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Fracking: The Cornell Conundrum

I’m not sure what to think or who to believe about the risks and challenges associated with extracting natural gas from shale.

The controversy and the emotions over hydraulic fracturing (“fracking”) are hot and show no signs of cooling off, especially in Ohio and other shale-rich states that are just beginning to explore their natural gas reserves.  Even as projects are moving forward, regulators are scrambling and communities are living in the moment, it seems that neither the proponents nor opponents have exactly figured out their “story,” let alone know how to communicate it clearly and consistently.

And the technical folks aren’t much help either.  Look at what’s happening at Cornell University in Ithaca, New York.  One group of Cornell researchers, led by Professor Robert Howarth, believes that the greenhouse gas footprint of shale gas is “perhaps more than twice as great” as coal over a 20-year timeframe.  Their theory is that methane, which can leak at the well, is a more potent greenhouse gas than carbon dioxide (assuming you believe in climate change at all, which, of course, is a totally different discussion).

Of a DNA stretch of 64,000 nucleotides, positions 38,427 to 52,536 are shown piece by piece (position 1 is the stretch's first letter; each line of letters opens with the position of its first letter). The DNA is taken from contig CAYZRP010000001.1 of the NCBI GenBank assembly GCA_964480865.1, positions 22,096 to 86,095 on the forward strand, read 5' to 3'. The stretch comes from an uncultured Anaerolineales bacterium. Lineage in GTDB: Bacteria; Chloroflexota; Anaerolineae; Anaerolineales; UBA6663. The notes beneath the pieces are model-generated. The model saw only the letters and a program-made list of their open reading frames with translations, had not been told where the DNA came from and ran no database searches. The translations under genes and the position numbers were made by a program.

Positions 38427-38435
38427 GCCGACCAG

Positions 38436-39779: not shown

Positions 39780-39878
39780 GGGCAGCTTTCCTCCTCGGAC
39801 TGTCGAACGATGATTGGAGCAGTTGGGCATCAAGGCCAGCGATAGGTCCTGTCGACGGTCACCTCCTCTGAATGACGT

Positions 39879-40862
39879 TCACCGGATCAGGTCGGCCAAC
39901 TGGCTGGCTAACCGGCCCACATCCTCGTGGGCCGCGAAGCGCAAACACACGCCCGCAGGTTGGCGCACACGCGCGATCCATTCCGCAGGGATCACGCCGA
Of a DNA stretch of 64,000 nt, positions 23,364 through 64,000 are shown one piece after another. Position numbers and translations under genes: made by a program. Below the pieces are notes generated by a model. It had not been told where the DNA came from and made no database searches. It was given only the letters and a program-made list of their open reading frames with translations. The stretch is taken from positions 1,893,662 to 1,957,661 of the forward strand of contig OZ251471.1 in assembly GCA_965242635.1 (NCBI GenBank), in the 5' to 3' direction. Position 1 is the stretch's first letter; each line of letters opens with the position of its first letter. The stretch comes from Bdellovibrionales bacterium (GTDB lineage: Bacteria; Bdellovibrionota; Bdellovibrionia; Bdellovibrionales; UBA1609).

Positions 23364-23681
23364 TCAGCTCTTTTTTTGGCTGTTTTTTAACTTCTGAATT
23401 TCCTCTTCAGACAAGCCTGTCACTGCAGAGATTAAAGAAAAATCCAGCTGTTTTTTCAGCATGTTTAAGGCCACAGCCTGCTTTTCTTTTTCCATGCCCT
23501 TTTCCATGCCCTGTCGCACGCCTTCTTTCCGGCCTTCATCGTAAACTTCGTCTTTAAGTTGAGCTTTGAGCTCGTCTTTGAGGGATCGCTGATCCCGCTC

On the other hand, Professor Larry Cathles is arguing that natural gas is cleaner than coal because it doesn’t produce by-products such as sulfur, mercury, ash and particulates.

This January 19, 2012 Associated Press article summarizes the “house divided” situation at Cornell.  Although technically focused, both groups seem to recognize the significance of the public relations and communications challenges associated with their findings, rebuttals and ongoing debate.  (Read one of Cathles’ latest rebuttals to check out the tone of the PR battle.)  Naturally, the two researchers' funding is coming from opposite sides of the debate.

This may be a fascinating case study in academic inquiry and interest group-sponsored research, but it’s mostly frustrating for the rest of us.  Whom do you believe?  What’s the real story?  What do we do next?

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